I want to know these things about my father because I have no father figure to seek advice from. I have three wonderful uncles who each provide their own excellent examples of how to be a good father, but I don’t feel close enough, or safe enough, or like they understand me like a father would in order to ask for advice. I’ve been perfecting bravado since I gave up on my father at 14. I don’t know how an adult son approaches a father. I’ve had no practice being the son in a healthy relationship, or having a healthy father. I feel bad that my son and I have to figure this out together. I don’t know, is it like that for every father?

Most of the people who tell me I’m a good father have had crummy fathers. I don’t know if that means anything, or if I’m just being an ass.

Father’s Day is fraught because my son has no one to teach him to honor his father. A father can’t do it — that’s narcissistic. He’s missed the preparations for several Father’s Days — all I want is a handmade card and a candy bar — but I don’t blame him. Someone else should be teaching him to take care of that business. He’s only 8. There is zero fault for him in this — but it shows me that there are some things I can’t teach him, and that he won’t learn at all unless there is someone else to teach him. When my mom was up here a couple of week ago I asked her to get him to work on a card while I ran errands. That’s the kind of stuff a single dad has to do.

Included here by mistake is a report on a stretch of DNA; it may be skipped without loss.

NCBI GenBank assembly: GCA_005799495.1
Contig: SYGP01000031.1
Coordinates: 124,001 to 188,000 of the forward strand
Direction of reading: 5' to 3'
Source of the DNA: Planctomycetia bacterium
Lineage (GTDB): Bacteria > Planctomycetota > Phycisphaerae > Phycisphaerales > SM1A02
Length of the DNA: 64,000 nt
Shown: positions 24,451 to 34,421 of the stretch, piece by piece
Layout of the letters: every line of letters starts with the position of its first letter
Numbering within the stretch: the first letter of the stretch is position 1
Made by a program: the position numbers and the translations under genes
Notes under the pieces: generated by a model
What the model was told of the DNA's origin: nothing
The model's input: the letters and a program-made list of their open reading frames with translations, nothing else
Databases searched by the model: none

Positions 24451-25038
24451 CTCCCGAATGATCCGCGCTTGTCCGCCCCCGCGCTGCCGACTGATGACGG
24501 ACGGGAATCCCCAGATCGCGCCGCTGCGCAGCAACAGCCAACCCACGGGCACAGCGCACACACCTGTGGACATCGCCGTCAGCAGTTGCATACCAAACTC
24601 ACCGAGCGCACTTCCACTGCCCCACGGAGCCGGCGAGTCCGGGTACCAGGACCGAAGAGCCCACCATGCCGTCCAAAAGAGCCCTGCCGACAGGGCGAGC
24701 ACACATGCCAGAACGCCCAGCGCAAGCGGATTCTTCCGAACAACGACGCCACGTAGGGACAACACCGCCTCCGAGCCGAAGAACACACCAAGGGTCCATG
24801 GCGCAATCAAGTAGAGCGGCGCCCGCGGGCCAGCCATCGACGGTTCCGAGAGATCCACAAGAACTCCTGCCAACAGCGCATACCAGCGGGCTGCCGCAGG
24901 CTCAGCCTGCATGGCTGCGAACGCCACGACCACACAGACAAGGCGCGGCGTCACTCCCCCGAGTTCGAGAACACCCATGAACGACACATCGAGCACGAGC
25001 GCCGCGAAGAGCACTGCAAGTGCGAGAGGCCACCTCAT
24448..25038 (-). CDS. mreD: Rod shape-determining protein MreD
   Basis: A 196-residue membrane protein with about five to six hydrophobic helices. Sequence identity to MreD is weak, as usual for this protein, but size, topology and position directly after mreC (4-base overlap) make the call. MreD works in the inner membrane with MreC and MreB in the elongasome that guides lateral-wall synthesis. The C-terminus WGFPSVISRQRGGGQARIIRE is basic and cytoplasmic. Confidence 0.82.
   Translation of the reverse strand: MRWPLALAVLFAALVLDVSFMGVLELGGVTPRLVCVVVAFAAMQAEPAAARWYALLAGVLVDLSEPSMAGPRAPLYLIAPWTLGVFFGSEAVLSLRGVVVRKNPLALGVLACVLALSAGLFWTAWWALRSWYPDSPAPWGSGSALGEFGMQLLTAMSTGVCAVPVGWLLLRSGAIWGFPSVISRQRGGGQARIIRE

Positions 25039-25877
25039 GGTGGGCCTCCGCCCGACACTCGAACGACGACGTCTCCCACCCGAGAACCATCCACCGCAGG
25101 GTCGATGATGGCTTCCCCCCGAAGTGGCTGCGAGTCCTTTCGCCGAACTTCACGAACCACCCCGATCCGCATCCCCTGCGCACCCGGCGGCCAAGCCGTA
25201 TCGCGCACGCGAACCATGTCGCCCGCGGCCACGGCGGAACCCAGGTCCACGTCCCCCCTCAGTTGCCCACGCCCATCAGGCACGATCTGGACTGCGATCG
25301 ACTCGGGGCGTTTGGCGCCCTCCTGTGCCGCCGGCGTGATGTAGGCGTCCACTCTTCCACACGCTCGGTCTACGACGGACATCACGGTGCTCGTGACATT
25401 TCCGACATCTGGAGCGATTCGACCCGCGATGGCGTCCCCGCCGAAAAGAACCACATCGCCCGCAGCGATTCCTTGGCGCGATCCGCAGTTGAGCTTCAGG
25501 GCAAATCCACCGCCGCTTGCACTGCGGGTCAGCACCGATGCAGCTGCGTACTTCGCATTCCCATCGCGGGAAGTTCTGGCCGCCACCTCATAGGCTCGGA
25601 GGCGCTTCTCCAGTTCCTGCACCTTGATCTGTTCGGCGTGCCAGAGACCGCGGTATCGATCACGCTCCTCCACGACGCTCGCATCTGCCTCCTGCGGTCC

He says he’s going to be a single father, and adopt a daughter and a son. They are going to live on an exoplanet and I can come visit on a rocket whenever I want. I know what all of that means, and I know the meaning of none of it.

The point that comes from all of this, if there is one, appears to be a chronic, low-​grade fever feeling that I am not giving my son the best life that he deserves. I doubt, I grope for tools I never saw used, and don’t know the name of. I work the skills I do have, but don’t have enough time to give him everything I want him to have. A healthy meal and emotional support solve a lot, but not everything. I have him half of the time and that is just not enough for me to give him all he needs. I’m efficient, but he’s a boy, not a process.

So there is it. I feel my best isn’t good enough — and I hate second-​rate. What do I tell myself?

Who cares? It doesn’t matter. I don’t do this for glory, renown, or my own satisfaction. I love my son. I do it for him.

So fresh and so clean clean.

A photo posted by Adam Harvey (@adamincle) on